Dr. Olayiwole averred that fake news thrives in a culture of deceit, and that trust and credibility on the part of the leadership in an organization is an essential requirement for the fight against it. According to him, official reaction to fake news should be focused on the issues, not people; solution, not complaint; and on facts and figures.

But how can fake news be identified? This question and many other issues thrown up in the preceding paper were responded to in the sessions that followed, by the various resource persons lined up, and in the various ways they deemed fit. Above the din of it all was the understanding that the human being is first an emotional being before being logical. Hence, our emotion must always be on leash to be able to identify fake news. But, understanding the concept comes from the answers one gets from the questions that follow: Is it original? Is it manipulated? Has it been shared before? What is the integrity of its originator? Why is it shared?

A hands-on programme that it was, the technical sessions were an opportunity for group work, where practical exercises and case studies became the furnace that sharpened participants’ perspectives on the various topics covered. And, among the topics which sought practical ways of dealing with the issues were: Understanding the Social Media; Exploring the Information Disorder Ecosystem; Fact-Checking Strategies; Understanding Cultural Norms, Beliefs and Bias; Technical Tools for Fact-Checking; and What is Fact-Checking and Why is it Important? Long and dreary as they came, they were fleshed out with the use of Reverse Image Search engines such as TINEYE, YANDEX and BING, which were some of the tools participants were introduced to and which were used in the several exercises carried out.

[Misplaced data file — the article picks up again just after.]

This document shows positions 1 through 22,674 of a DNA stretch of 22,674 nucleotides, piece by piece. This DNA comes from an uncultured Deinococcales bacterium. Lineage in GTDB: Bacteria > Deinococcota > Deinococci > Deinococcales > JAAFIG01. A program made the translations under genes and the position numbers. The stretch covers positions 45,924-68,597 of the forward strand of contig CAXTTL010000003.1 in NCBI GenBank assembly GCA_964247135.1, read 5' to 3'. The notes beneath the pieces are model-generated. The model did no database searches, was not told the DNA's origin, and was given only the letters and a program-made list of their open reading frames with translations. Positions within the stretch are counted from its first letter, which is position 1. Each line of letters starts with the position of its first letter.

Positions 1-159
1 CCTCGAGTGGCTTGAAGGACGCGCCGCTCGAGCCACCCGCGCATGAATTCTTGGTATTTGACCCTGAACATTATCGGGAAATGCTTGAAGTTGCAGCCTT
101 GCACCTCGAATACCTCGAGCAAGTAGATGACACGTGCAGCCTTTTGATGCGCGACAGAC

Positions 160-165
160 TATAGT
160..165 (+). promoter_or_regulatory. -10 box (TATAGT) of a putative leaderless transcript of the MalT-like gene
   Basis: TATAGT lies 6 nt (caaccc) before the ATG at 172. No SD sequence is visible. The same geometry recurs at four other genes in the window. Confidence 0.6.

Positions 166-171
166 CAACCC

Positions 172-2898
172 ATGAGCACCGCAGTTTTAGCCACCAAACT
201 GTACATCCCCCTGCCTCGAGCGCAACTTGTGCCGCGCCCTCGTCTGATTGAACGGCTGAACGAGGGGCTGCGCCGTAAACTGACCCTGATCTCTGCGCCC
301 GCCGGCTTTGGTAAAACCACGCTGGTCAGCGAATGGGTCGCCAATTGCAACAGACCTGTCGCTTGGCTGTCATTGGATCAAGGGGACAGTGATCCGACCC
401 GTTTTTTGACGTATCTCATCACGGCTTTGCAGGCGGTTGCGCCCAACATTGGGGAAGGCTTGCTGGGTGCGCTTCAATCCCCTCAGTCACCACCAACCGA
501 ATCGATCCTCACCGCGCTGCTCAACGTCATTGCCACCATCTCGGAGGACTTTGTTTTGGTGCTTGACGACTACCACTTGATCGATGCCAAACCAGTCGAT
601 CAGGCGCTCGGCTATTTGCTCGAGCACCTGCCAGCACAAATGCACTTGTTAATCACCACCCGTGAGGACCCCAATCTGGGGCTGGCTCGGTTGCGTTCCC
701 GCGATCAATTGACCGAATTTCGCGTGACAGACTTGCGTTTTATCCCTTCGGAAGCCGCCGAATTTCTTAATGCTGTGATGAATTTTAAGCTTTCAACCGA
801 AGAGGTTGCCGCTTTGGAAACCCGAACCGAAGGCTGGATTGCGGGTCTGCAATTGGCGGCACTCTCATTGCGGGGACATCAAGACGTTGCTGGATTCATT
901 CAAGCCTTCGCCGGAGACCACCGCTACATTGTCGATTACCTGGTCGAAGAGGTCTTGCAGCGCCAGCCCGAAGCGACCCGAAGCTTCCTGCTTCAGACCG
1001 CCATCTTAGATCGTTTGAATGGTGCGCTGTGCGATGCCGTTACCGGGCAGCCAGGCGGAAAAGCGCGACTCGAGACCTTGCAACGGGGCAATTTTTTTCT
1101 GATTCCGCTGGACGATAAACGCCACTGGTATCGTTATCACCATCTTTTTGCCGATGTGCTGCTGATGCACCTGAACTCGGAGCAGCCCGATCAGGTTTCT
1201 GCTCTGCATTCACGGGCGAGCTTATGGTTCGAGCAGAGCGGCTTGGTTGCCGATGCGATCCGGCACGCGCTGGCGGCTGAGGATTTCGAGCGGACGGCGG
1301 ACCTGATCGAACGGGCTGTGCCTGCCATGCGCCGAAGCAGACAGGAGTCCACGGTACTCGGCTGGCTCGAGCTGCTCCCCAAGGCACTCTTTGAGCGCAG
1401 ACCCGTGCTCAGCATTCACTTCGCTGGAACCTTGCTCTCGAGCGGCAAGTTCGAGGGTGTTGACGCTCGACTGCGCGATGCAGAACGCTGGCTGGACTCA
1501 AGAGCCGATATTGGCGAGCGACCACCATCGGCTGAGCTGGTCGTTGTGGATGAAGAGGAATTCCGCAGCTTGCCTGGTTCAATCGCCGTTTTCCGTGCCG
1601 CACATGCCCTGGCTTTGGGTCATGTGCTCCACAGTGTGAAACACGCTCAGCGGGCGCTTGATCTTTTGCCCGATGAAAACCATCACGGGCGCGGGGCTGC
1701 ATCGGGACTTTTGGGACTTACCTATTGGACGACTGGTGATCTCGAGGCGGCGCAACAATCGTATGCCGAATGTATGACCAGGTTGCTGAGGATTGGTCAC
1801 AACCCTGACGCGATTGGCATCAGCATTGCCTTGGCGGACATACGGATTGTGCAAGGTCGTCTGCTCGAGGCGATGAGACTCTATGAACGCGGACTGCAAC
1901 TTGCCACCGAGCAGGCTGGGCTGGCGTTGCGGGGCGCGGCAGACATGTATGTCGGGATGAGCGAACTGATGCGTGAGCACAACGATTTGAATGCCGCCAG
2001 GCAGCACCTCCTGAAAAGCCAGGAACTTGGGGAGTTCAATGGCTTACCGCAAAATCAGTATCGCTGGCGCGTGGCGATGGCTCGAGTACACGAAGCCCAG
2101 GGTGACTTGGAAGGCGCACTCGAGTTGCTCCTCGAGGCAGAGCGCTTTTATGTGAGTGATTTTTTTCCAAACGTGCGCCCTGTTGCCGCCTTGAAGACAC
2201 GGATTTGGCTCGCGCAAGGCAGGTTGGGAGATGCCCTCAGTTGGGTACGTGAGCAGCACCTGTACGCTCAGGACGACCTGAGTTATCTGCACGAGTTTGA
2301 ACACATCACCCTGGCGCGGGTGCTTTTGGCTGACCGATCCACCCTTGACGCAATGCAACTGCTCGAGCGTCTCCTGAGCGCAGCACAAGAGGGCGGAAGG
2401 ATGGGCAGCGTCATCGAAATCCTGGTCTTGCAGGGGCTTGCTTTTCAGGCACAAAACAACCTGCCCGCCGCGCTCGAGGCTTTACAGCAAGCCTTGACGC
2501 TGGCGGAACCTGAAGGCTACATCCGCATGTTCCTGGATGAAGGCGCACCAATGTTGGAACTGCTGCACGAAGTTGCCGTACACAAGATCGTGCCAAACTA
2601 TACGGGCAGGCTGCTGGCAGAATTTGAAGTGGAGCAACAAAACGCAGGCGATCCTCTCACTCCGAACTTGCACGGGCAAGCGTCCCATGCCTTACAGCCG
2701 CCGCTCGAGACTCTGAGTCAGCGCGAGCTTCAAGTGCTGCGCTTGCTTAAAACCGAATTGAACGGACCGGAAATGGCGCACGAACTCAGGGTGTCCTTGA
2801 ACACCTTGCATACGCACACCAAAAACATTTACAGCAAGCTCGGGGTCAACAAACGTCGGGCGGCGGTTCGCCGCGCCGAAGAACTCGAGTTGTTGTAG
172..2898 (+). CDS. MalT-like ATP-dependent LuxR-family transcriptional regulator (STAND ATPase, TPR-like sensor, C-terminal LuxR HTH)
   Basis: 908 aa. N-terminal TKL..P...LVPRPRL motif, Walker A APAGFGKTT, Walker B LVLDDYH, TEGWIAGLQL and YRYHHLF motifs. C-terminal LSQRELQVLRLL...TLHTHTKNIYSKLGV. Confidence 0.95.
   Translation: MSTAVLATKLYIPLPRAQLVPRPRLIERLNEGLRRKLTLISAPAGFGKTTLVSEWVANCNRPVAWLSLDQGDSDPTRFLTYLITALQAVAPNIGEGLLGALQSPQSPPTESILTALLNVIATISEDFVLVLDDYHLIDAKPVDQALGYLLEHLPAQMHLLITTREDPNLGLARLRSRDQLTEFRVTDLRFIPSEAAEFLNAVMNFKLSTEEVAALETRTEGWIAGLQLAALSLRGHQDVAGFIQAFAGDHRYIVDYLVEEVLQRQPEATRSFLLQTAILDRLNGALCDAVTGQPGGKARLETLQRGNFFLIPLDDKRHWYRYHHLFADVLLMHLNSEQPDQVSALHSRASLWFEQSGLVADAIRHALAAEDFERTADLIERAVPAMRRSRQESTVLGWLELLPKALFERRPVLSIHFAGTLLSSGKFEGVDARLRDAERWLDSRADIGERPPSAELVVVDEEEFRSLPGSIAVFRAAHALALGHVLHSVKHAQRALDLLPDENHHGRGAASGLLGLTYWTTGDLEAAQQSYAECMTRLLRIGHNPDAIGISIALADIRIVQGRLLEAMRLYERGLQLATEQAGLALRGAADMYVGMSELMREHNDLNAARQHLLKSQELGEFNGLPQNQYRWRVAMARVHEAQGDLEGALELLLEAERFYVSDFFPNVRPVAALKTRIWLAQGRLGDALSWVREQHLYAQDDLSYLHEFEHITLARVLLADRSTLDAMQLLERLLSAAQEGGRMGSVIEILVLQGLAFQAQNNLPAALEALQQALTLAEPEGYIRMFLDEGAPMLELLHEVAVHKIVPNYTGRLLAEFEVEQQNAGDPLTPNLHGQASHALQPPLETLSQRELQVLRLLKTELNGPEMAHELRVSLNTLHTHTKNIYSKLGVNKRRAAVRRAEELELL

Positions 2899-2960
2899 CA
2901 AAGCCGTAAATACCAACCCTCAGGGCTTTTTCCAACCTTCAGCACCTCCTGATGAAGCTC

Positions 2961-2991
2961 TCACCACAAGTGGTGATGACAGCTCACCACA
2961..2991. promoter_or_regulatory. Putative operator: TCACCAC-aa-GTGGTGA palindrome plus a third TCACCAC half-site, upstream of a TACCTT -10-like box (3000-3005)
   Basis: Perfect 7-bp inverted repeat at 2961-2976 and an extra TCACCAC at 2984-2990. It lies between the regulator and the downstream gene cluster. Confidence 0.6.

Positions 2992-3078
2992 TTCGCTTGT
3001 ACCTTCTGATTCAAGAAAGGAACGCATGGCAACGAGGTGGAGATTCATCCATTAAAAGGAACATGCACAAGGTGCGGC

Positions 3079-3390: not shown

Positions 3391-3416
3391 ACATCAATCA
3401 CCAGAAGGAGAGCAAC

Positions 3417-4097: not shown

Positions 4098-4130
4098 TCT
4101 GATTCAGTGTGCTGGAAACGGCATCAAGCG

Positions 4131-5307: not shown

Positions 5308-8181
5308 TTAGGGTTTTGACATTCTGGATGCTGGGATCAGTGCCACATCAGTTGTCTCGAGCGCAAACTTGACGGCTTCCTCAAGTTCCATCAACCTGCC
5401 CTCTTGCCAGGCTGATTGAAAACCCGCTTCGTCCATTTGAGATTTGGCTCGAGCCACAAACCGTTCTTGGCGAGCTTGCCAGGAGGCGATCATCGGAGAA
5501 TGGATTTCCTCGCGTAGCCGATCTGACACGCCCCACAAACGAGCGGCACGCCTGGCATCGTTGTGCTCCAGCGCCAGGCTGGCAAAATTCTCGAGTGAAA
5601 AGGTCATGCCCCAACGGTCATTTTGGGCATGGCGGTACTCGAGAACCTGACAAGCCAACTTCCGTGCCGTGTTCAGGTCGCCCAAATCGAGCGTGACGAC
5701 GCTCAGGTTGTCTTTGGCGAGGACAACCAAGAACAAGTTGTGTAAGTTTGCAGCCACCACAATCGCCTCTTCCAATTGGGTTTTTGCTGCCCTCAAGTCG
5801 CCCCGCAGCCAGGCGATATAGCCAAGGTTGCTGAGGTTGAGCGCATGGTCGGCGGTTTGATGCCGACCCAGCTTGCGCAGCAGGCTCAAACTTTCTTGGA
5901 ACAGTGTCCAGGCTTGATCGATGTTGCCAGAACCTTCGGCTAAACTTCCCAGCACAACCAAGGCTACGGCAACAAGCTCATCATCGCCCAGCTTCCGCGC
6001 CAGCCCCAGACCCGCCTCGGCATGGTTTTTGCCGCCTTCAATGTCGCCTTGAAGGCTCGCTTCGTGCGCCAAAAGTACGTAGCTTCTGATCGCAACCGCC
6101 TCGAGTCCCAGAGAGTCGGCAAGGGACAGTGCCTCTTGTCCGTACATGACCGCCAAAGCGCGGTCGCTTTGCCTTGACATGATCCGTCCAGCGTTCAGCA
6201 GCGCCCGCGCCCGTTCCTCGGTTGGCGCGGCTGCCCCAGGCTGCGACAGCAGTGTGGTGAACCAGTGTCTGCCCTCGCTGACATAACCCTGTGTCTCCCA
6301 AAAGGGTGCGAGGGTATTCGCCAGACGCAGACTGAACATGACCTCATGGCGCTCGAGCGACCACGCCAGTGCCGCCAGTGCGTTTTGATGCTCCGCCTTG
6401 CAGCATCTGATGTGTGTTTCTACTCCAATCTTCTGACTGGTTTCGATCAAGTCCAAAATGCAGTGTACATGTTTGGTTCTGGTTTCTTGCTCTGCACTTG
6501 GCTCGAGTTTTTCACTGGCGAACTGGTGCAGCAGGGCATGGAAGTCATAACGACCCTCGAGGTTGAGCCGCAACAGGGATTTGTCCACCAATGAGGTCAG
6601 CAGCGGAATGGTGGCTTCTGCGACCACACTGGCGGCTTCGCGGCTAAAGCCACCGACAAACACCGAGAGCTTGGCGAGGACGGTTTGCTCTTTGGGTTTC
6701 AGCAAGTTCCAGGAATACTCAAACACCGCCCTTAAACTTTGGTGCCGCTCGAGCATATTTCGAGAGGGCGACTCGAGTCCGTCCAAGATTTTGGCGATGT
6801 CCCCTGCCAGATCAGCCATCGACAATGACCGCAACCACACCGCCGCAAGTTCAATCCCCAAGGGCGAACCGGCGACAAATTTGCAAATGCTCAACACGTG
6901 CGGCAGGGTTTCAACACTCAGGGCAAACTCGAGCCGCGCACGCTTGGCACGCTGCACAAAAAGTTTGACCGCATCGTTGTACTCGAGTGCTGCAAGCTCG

Against the backdrop of the prevailing information disorder in the media, especially the social media space, the course identified three elements of information disorder: misinformation, disinformation and mal-information. Misinformation was defined as incorrect or misleading information; disinformation, as false information intended to deceive; while mal-information is deliberate exaggeration of the truth or passing of information in a way that is harmful.

The consensus at the event was that information is a two-edged sword that has built societies and also destroyed them depending on what it is intended for. Indeed, peddled with the intent to harm, words have a frightening propensity to inflict the greatest harm on the greatest number of people. And because of its duplicitous character, participants were urged to always be on the look-out for signs of fake news.

On the whole, the course exposed participants to the modern phenomenon of fake news, called attention to its dangers, and provided the skills and tools to be used to rid the information eco-system of its menace. And as participants left the still-glittering Asokoro District of Abuja, where it all took place, a lot had happened to suggest that indeed not all that glitters is gold. Hence, the need to begin to deploy their newfound expertise for the stability and progress of the country.

Goyit, is the Director, Broadcast New Media, Plateau State Ministry of Information and Communication

Continue Reading
Click to comment

Leave a Reply

Your email address will not be published. Required fields are marked *